After a fueling up with a plate of dumplings and a good night’s sleep, we took on the 1815 Memorial Museum, la Butte du Lion, and Hougoumont. Honestly, I could have spent the entire day exploring the Memorial Museum alone.  The materials were so well presented and the artifacts were so well curated that I spent half of my time marveling at the layout of the museum and half of my time surveying the actual items it houses.  The next step, or steps I suppose, 225 of them to be exact, was visiting the Lion’s Mound.  Not only did I realize how out of shape I am, I also came to fully realize the extent of the catastrophe at Waterloo.  Standing on top of the Mound, I was able to look out, recalling Dr. Bowman’s illustration of the battle, and truly appreciate the efforts and the tenacity that both sides brought to the table during this immense clash.  Afterward, a short stroll to Hougoumont provided the group with an intriguing and endearing account of Britain’s successful endeavor to prevent the property from falling into Napoleon’s hands.  As a historian with rather limited experience but quite high interest in military history, I was baffled by the fact that some 26,000 troops engaged in the fight for Hougoumont and its surrounding area.  To say that the second day of our excursion left an impression would be an absolute understatement.

Our last full day in beautiful Belgium started with a talk by Dr. Ambrogio Caiani at Napoleon’s headquarters. If it hadn’t been for the excruciatingly windy conditions, I could have listened to Dr. Caiani discuss the location and its significance all day.  After a quick pit stop to warm up with a cup of tea, we headed back to utilize the meeting rooms at the Memorial Museum, hearing several fascinating sessions on sources and objects and how these materials can provide substance to any lesson in revolutionary history.  Speakers such as Arthur Burns and several University of Kent ambassadors enlightened us on not only how to access these resources, but additionally how to take advantage of physical items and allow them to bring history to life for students.  To conclude a wonderful weekend of exploring, the group headed to the National Army Museum in Brussels where we were able to freely roam through the exhibits, exploring the history of the Belgian military.  After such an informative weekend, I genuinely cannot believe how little I knew about the Napoleonic Wars a few days prior, and I am exciting to continue learning about the conflicts independently.

As a former primary school teacher, I really appreciate that the project provides educators with the tools necessary to better understand this era of history as well as to present the material in a way that fully engages a younger audience. I enjoyed the fact that the trip was inclusive of those with a minimal understanding of the Battle of Waterloo in addition to those with extensive knowledge of the historical significance.  Not only were the organizers of the trip always willing to provide a deeper background into the unfolding of the events, the museums and monuments we attended as a group were accessible and very well assembled.  After a brilliant weekend of networking, meeting fellow historians, and hearing about the specific historical interests of others, I can confidently say that the opportunity to work on the Age of Revolution project as a PhD student at the University of Kent is an absolute privilege.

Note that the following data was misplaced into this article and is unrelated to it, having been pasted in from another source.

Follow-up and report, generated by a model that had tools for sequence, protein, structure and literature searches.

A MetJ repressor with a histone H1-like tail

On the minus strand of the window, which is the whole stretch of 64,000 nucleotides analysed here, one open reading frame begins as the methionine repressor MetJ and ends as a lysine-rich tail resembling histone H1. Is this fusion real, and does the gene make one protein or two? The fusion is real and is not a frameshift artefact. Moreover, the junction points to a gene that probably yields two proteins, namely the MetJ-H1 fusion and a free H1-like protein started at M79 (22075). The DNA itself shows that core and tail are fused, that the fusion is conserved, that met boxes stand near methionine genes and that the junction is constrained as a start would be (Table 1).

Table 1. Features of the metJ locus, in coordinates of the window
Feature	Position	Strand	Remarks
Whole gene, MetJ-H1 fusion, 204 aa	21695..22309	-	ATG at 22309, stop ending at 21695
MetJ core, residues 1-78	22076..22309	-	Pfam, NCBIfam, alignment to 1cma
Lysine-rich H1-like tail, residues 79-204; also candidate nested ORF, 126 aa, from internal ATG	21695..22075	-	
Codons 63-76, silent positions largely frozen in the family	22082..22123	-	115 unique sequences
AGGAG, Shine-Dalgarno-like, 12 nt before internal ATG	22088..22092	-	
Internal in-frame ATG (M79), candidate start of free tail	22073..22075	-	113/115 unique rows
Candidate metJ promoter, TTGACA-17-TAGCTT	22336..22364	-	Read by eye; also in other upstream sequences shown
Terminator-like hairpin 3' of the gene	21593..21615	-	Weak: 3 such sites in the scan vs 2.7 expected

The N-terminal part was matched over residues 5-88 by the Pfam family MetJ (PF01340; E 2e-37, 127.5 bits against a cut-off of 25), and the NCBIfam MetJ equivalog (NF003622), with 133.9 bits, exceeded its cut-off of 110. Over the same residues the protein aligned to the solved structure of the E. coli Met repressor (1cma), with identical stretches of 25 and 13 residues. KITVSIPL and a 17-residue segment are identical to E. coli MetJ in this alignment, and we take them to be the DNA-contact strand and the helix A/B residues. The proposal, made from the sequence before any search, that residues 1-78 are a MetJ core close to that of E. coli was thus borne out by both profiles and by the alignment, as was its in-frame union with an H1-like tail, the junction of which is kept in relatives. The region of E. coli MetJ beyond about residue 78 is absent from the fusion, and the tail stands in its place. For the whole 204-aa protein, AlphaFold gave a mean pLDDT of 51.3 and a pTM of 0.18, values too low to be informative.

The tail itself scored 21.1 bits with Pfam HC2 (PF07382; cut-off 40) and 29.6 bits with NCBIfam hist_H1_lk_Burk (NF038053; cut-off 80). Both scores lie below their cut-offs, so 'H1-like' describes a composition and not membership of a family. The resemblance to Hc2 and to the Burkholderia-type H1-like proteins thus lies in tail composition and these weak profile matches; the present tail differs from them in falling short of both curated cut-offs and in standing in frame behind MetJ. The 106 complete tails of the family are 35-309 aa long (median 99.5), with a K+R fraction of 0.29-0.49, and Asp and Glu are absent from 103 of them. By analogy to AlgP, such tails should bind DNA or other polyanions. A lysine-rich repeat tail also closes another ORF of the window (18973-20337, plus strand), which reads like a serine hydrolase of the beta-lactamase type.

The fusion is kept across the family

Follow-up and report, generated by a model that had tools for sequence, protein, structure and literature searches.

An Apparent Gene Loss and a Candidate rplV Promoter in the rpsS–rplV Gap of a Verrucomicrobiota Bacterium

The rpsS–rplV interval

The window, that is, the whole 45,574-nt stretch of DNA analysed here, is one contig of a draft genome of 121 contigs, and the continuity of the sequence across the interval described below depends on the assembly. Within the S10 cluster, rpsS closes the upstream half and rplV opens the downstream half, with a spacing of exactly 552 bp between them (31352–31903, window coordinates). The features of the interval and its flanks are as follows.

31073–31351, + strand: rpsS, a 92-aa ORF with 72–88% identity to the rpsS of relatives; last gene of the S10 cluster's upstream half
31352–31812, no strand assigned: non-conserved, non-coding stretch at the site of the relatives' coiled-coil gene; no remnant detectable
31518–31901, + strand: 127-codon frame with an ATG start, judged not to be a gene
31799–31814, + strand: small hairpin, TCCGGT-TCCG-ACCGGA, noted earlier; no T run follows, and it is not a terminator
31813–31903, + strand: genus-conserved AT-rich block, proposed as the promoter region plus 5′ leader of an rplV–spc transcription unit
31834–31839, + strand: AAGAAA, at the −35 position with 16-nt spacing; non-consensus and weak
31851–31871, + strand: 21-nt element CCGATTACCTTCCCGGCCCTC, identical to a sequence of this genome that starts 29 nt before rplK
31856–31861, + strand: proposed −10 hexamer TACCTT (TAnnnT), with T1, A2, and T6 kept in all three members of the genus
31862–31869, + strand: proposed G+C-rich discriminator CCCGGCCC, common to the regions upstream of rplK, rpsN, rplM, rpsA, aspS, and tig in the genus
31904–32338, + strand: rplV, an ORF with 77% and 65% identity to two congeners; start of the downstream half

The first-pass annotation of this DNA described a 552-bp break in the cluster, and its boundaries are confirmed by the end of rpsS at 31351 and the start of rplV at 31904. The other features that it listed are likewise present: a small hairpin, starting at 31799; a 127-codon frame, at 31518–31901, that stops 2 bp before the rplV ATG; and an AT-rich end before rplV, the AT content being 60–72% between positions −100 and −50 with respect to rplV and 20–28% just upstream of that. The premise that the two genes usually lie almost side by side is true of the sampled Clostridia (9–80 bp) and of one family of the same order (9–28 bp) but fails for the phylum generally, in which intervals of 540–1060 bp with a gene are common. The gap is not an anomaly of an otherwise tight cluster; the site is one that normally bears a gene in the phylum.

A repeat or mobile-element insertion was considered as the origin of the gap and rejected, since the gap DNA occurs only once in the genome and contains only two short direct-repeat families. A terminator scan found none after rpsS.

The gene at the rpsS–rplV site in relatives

How to Sum Up the Age of Revolution in c.20,000 words?

In the past two months, I’ve been attempting the impossible: to summarise the most significant things that happened during the Age of Revolution, and to explain and justify why these things were important and how they connected to one another.

Age of Revolution Theme Summaries & Key Messages BJM

It’s been quite a writing challenge – we’re habituated to having quite a lot of control over our subject area, or speaking internally to one another about research sub-fields, and to concentrate on archival finds and quite detailed debates and issues in one place, time, or theme. It’s also required a bit of courage – every generalisation in large sweeps of history is so vulnerable to objections, caveats, corrections, and critique. And inevitably, so much of this stuff is – to use the perennial escape line for historians – “not my field.” But there are good reasons for grappling with the macro, and chewing cud in other people’s fields, as well as having to be selective. These cut to the core of what history is, or should be, about. Fundamentally, if the history we produce is not usable and purposeful – if it cannot be articulated and understood, and made relevant to people and classrooms today – then the enterprise risks not only losing popular and state support, but also leaving the big picture painting to those who haven’t necessarily trained in the discipline.

The figurative system of human knowledge proposed in the Encyclopedie, with its three branches of “memory, reason, and imagination.” The Encyclopedie was a bit more challenging than my thematic overview, constituting a groundbreaking multivolume work over two decades that crystallised many aspects of the Enlightenment, and aspired to “change the way people think” according to its principal editor, Denis Diderot.

Thankfully, colleagues within the Age of Revolution team have ridden to my rescue, so thanks to them for the many inflections and tweaks this has gone through. I now submit it, as the Declaration of Independence put it, to the “Supreme Judge of the world for the rectitude of our intentions.” And feel free to comment on it, correct it, and chew it over. Hopefully some of it will be useful as the various teams in the project think more deeply and fully about many of the historical themes and developments, and how we can explain and vivify them in museums and classrooms.